A Liberal Democrat delivered a powerful speech condemning the government as the Brexit deadline looms ever closer and the country is without an EU deal.
Layla Moran, education spokesperson for the Liberal Democrats launched into reasons why a people’s vote was needed to avoid a “catastrophic” no-deal Brexit during an appearance on BBC Question Time.
The reason why we are considering an extension, is because I’ll tell you what would be a betrayal – that’s no deal.
No deal would be utterly catastrophic for this country and that’s why we are planning to delay.
But more than that, actually let’s look at where we are. And the point about that consensus that could have been reached, you know, let’s find that middle ground – yeah, the Liberal Democrats have been consistent throughout, we don’t want to leave the EU, we think a people’s vote is the way to do it.
The point is, that middle ground could have been reached. There is probably a majority in parliament for something a bit softer, that’s not what’s happened so we are calling for a people’s vote to get us out of this mess once and for all.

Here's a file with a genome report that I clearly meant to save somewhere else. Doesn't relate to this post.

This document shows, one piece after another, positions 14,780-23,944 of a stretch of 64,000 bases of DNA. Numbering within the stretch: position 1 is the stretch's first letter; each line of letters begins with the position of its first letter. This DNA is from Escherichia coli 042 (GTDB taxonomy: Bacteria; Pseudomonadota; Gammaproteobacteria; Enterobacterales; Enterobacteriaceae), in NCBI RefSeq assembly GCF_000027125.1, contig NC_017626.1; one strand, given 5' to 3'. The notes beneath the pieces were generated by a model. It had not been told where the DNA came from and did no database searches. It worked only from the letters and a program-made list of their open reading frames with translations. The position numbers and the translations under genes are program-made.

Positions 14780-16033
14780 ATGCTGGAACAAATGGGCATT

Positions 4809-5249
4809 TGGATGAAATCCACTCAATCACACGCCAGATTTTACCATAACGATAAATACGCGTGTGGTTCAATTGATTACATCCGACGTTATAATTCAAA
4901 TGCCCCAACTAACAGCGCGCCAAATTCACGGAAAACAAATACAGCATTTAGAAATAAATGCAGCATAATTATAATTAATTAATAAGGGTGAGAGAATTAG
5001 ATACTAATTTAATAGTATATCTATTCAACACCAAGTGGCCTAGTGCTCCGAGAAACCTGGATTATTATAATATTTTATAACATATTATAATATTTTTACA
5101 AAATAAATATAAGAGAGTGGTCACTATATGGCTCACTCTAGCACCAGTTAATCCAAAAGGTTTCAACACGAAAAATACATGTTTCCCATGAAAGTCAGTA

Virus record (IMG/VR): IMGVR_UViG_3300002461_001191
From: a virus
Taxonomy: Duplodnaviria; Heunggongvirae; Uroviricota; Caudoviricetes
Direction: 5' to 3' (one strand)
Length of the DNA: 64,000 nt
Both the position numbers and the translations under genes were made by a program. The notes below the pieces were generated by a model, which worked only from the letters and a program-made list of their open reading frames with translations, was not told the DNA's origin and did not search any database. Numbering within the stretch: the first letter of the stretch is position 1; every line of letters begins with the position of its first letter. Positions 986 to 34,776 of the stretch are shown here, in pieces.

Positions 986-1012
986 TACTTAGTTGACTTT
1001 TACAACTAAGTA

Young people across the country are demanding for a vote on the final Brexit deal, a ‘Final Say’.
That wasn't the only topic of discussion. At another point, an audience member called out the Conservative party and The Spectator, a publication that panellist and author Lionel Shriver has written for, on a “legacy of racism.”
The right have a legacy of racism and neuroses of the right has been of anti-immigrant stance. I think it’s utterly laughable that for example you right for the spectator and they have a legacy of – what was it? Boris Johnson calling black people ‘watermelon smiles’ and saying that we have low IQ.
“The stoke of racism in Britain belongs and has always been in the right. And they should take care of their own home.”
Brexit is unfolding swiftly and Theresa May is attempting to make it as smooth as she can - with little success.
The Prime Minister carried out a dramatic U-turn and promised MPs a vote to reject a no-deal Brexit and, in so doing, a vote to demand a delay beyond 29 March.
The car industry is just one of many to be in a state of uncertainty over Brexit, and some small businesses are preparing for a no-deal.